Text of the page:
Sullivan guest of Brundidge Rotarians
Published 3:00 am Thursday, October 16, 2014
Pike County Commissioner Robin Sullivan was the program guest of Rotarian Harry Sanders at the Wednesday meeting of the Brundidge Rotary Club.
Sullivan was first elected to the Pike County Commission in 2004 and again in 2008 and 2012. Sullivan has served as the chairman of the Commission but admitted that he came to the Commission as a greenhorn.
“At the time, I didn’t know a lot about county government so I had a lot to learn,” Sullivan said. “New commissioners were required to take a 52-hour course and I learned a lot from the course and from other commissioners. I found that most of us were in the same shape in the funding issues that we faced.”
Sullivan said a main issue that continually faces the Pike County Commission is the maintenance of the county roads.
“We always need money for roads. We were fortunate to get ATRIP (Alabama Transportation Rehabilitation and Improvement Program) funds in the amount of $12 million,” Sullivan said. “And those funds were desperately needed.”
Sullivan said the county is responsible for roads that lead into cities and cited Elm Street and Highway 93 as an example.
“We have to redo a bridge and were planning on a project of 28 feet and the government says it’s got to be 41 feet,” he said. “That makes a big difference.”
Sullivan said another big funding issue facing the Pike County Commission is the county jail.
“That’s coming in the near future and that’s going to be a big and costly project,” he said.
Litter is another constant issue before the county commission and Sullivan said the commission is getting some help with state inmates.
“For a while, liability insurance was an issue but that has been cleared and we are able to get inmates to help clean the roadways and that is a big help,” he said. “Garbage collection is a problem because about half of the customers won’t pay the contractor.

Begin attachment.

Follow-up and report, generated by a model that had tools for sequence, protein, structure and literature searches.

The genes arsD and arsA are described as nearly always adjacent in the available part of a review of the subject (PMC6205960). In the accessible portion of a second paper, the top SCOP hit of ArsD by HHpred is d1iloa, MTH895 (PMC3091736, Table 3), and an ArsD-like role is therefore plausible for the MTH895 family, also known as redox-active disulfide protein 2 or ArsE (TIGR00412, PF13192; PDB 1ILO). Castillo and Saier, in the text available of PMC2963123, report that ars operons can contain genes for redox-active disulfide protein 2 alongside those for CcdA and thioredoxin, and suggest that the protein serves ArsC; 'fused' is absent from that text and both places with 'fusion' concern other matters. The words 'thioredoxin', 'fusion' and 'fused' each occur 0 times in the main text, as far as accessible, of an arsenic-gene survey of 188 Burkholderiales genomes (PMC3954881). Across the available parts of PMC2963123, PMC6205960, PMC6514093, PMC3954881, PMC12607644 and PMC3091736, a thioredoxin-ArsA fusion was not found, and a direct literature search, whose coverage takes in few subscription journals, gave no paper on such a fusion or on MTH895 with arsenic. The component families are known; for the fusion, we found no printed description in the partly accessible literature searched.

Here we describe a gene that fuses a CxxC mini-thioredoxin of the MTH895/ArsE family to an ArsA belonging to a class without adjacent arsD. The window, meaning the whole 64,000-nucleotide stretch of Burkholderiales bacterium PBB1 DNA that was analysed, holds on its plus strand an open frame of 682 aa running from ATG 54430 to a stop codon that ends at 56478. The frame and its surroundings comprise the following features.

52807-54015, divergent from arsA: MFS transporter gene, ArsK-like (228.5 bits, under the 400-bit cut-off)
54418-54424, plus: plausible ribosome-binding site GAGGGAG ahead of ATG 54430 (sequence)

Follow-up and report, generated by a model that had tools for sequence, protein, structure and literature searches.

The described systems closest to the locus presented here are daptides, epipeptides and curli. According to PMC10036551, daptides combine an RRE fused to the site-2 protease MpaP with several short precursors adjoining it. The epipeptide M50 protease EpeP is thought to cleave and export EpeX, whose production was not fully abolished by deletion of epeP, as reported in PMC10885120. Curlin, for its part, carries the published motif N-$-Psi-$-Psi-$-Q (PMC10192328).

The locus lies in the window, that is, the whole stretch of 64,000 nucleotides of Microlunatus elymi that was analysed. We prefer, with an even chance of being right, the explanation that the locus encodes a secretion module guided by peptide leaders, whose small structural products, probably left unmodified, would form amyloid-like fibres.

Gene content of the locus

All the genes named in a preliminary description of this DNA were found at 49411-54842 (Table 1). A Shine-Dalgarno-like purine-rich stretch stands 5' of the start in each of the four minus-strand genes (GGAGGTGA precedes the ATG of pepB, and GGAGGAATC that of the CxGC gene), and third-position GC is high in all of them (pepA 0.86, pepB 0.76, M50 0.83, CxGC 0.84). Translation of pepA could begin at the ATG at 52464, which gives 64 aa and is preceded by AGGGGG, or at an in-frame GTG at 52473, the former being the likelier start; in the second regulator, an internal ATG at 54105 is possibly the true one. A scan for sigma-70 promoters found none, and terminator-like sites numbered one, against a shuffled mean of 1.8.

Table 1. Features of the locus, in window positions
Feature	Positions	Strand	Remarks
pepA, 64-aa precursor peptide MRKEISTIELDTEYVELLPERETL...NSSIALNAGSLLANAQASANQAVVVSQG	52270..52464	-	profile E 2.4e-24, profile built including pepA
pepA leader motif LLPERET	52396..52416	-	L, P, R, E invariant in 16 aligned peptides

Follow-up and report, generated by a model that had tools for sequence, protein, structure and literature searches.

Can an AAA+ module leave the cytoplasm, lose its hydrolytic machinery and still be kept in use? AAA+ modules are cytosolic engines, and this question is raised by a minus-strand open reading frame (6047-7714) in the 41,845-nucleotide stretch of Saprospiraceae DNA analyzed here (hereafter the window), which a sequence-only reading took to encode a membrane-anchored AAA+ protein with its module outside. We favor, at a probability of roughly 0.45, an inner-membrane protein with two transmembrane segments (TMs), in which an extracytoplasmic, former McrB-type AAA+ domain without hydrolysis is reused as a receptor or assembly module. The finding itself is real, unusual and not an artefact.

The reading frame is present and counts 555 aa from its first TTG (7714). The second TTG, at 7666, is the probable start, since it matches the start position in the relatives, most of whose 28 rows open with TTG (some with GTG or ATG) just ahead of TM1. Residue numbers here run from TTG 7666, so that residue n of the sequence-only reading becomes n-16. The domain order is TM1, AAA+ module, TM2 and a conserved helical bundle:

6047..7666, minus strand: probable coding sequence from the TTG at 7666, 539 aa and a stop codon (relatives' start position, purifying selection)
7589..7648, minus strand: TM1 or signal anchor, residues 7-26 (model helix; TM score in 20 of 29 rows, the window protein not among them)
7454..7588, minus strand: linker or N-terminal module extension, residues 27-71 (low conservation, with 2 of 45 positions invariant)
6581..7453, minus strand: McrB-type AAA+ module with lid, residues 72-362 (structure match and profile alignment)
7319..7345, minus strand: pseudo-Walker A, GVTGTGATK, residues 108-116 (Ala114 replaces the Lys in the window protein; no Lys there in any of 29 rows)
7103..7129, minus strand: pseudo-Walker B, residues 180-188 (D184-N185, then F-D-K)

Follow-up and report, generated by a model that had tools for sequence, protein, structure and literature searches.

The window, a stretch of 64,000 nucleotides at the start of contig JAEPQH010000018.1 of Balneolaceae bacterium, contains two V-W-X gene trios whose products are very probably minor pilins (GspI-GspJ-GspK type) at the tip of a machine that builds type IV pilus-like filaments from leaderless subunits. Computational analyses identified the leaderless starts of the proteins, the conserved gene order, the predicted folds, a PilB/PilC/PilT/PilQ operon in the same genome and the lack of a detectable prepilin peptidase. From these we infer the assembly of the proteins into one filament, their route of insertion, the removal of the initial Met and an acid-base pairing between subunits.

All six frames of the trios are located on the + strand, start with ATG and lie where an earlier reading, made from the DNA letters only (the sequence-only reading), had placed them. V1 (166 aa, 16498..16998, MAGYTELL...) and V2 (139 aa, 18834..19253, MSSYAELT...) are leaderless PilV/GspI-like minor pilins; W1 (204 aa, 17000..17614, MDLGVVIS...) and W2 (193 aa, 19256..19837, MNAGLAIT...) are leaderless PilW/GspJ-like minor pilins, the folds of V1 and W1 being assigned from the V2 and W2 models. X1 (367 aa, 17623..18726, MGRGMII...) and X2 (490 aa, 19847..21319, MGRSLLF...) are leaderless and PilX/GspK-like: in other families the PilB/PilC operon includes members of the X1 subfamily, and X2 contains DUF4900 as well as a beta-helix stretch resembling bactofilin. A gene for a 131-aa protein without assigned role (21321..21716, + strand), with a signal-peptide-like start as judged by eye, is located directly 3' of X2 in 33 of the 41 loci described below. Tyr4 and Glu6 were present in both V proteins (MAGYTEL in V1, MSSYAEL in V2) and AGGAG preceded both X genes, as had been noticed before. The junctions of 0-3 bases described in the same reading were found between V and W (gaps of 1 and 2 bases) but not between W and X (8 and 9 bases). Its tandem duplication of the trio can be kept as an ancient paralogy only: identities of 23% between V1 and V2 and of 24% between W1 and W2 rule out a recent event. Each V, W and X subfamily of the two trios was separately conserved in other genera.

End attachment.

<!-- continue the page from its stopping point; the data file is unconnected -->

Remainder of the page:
“Garbage collection has always been a big issue. When the Commission was in the trash business, it just about broke us.”
Sullivan fielded question about the Commission’s district lines and the difficulty in establishing district lines for six districts in a county with a population of about 33,000.
“The lines have to be established with only a two percent variance,” he said. “And, we know that not everyone is counted. It’s not a requirement that you have to respond to the census. A lot of people just don’t trust the government and don’t respond, so they don’t get counted.”
Sullivan said the population count drives funding that comes back to the county and non-response can have a negative impact.
Sullivan said the six Pike County commissioners don’t always agree and sometimes it’s a constant battle to get things done.
“But, we know we have to put aside our differences and get things done and we do,” he said. “What I would like to see is a four-member commission with a chairman who is elected countywide. That would be a step in the right direction for us.”